Economic signals keep flaring and continue to be ignored by markets. Today, GDP was revised short of economists' expectations and Weekly Jobless Claims increased. Cypriot banks reopened with restrictions and droves of people were waiting to take money out. Commentary out of Germany was about how Cypriot anger would pass. That kind of thinking raises the specter of similar actions occurring in the future, putting depositors at risk and raising the probability of a banking shock to the system. Yet, today the Financial Select Sector SPDR (NYSEARCA:XLF) is only fractionally lower. Meanwhile, earnings estimates have seen dramatic revisions lower and a great many economic issues still need reconciling. Are we ignoring the signs of another soon coming recession?
In Germany today, retail sales were reported higher by 0.4% in February, leading European shares up, with the Vanguard MSCI Europe ETF (NYSEARCA:VGK) higher by 0.8% before 10:00 AM ET. But the market ignored the fact that German unemployment increased at the same time. It's just another example of a popular trend.
Fourth quarter GDP was revised higher, yes, to 0.4% from the previously revised +0.1% (from -0.1% initially reported). Still, the rate of growth in absolution is terrible. Also, economists surveyed by Bloomberg had forecast a revision higher to 0.6% growth, so the relative result is bad as well.
It's my view that GDP this year is threatened, and that our financial keepers at the Federal Reserve have ignored their own warning that the payroll tax break expiration and sequester spending reductions would impact economic growth by 1.5 percentage points. The Fed's latest math on the economy just does not add up and seems to ignore the issue. Why would the Fed ignore its own warning?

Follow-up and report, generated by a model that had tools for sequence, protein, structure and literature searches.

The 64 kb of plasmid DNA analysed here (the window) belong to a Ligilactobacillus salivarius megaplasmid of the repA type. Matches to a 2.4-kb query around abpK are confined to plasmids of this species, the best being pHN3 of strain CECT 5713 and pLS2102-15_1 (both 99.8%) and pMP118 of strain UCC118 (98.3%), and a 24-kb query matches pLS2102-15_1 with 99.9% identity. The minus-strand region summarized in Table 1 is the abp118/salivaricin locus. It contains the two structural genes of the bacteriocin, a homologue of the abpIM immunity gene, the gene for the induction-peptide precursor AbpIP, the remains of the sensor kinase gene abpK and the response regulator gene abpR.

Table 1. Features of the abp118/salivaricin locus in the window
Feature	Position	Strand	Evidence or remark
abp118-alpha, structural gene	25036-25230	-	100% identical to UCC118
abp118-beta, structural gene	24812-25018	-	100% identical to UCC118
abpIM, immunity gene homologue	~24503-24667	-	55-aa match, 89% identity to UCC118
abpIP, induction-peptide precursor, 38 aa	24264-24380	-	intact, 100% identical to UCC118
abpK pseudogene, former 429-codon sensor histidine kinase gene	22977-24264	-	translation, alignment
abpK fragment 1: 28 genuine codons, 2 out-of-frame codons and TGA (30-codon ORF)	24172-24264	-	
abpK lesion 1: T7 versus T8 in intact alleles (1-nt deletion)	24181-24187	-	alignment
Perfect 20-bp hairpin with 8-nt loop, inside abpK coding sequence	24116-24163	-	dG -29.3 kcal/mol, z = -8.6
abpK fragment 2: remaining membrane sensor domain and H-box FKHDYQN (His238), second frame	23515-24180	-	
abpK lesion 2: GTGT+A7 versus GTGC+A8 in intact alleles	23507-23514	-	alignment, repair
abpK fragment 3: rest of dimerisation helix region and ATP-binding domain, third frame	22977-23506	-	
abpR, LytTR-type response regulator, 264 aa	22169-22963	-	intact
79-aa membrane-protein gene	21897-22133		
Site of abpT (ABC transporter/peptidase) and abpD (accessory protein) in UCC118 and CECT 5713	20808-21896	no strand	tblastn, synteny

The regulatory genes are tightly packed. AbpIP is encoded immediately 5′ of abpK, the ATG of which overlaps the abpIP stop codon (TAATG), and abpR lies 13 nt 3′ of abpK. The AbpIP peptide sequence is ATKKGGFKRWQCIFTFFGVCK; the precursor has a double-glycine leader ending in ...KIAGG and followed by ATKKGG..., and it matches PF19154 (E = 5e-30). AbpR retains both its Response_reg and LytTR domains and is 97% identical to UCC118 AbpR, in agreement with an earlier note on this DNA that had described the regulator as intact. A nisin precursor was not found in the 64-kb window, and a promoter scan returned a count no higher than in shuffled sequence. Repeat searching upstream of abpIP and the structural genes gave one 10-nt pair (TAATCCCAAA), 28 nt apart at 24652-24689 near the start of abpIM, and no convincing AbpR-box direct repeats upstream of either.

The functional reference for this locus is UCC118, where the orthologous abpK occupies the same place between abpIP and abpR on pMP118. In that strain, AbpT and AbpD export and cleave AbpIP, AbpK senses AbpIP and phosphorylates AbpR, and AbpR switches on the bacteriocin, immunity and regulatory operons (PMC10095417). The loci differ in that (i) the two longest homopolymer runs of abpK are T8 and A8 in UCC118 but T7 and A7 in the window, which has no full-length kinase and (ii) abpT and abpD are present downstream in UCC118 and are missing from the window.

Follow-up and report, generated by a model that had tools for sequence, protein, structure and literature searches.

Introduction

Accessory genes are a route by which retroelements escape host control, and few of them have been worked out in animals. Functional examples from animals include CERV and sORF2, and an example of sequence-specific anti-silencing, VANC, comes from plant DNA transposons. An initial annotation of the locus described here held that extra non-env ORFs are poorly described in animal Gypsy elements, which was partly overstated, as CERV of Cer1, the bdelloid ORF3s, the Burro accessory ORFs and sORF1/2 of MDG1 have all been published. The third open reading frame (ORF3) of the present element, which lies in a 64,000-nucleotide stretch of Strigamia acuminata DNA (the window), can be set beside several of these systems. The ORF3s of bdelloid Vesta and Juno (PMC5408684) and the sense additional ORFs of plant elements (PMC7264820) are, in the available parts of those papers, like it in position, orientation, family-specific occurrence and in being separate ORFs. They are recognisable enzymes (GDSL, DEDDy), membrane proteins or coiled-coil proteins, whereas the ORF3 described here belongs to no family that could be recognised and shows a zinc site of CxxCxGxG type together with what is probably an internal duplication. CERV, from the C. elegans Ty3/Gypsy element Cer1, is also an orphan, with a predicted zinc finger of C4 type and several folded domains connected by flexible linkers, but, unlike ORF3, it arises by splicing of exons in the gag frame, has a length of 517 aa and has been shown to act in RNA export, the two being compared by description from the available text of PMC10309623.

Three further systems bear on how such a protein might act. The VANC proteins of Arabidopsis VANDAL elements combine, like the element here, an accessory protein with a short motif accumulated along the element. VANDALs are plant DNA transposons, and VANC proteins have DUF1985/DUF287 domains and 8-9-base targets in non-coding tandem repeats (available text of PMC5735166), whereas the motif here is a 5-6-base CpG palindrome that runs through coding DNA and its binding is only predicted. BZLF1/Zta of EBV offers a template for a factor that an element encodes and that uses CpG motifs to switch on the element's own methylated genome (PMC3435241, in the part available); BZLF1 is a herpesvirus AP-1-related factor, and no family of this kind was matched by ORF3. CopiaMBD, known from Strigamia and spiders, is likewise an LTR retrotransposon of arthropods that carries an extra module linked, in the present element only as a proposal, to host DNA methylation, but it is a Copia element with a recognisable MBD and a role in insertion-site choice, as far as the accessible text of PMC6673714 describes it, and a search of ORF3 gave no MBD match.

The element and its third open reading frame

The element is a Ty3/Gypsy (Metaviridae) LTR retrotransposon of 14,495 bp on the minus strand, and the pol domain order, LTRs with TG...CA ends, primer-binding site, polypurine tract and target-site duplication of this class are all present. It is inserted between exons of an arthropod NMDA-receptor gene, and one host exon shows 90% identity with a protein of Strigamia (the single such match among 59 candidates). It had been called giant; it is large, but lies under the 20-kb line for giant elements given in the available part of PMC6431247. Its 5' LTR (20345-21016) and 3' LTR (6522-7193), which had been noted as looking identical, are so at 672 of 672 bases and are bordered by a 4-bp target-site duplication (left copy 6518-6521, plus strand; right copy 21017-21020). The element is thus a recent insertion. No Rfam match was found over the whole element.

Weekly Initial Jobless Claims increased by 16,000 in the latest reported period, and the four-week moving average increased as well. With the weekly flow now back up to 357K, it seems our comfort level should adjust lower. Consumers seem to have adjusted already, with the Consumer Confidence Index showing this week a severe drop-off in sentiment. I suggested that this was due to the real impact of payroll tax increase against just previously raised consumer expectations on rising stock prices and a seemingly less obstructive political factor. Consumers seem to no longer be ignoring the signs, and we'll get personal spending data tomorrow, or soon if the reporting data has been moved due to holiday.
Despite the financial fear in Cyprus and the repercussions across European banks, American bank shares have continued to show strength. Bank of America (NYSE:BAC) and Citigroup (NYSE:C) are leaders of late on the recovering housing market in the U.S. and what was expected to be a reviving U.S. economy. However, today, each of these shares is lower, perhaps reflecting a new perspective rising about the economy.
The broader market continues to ignore the signs of recession, with the SPDR S&P 500 (NYSEARCA:SPY) up fractionally today. However, I see the SPY threatened because of its underlying reliance on a perception of economic improvement. We seem to have ignored some important signals, and it's about time for the SPY to reconcile reality. A three day weekend here should return calmed investors to an economy next week that gets new data on employment. I've been pointing out that the real unemployment rate is much higher when adjusting for workers who have simply fallen off the radar, and is probably closer to 11.8% and underemployment closer to 18%. Will the market ignore that problem as well? How long can we continue to disregard the negative data?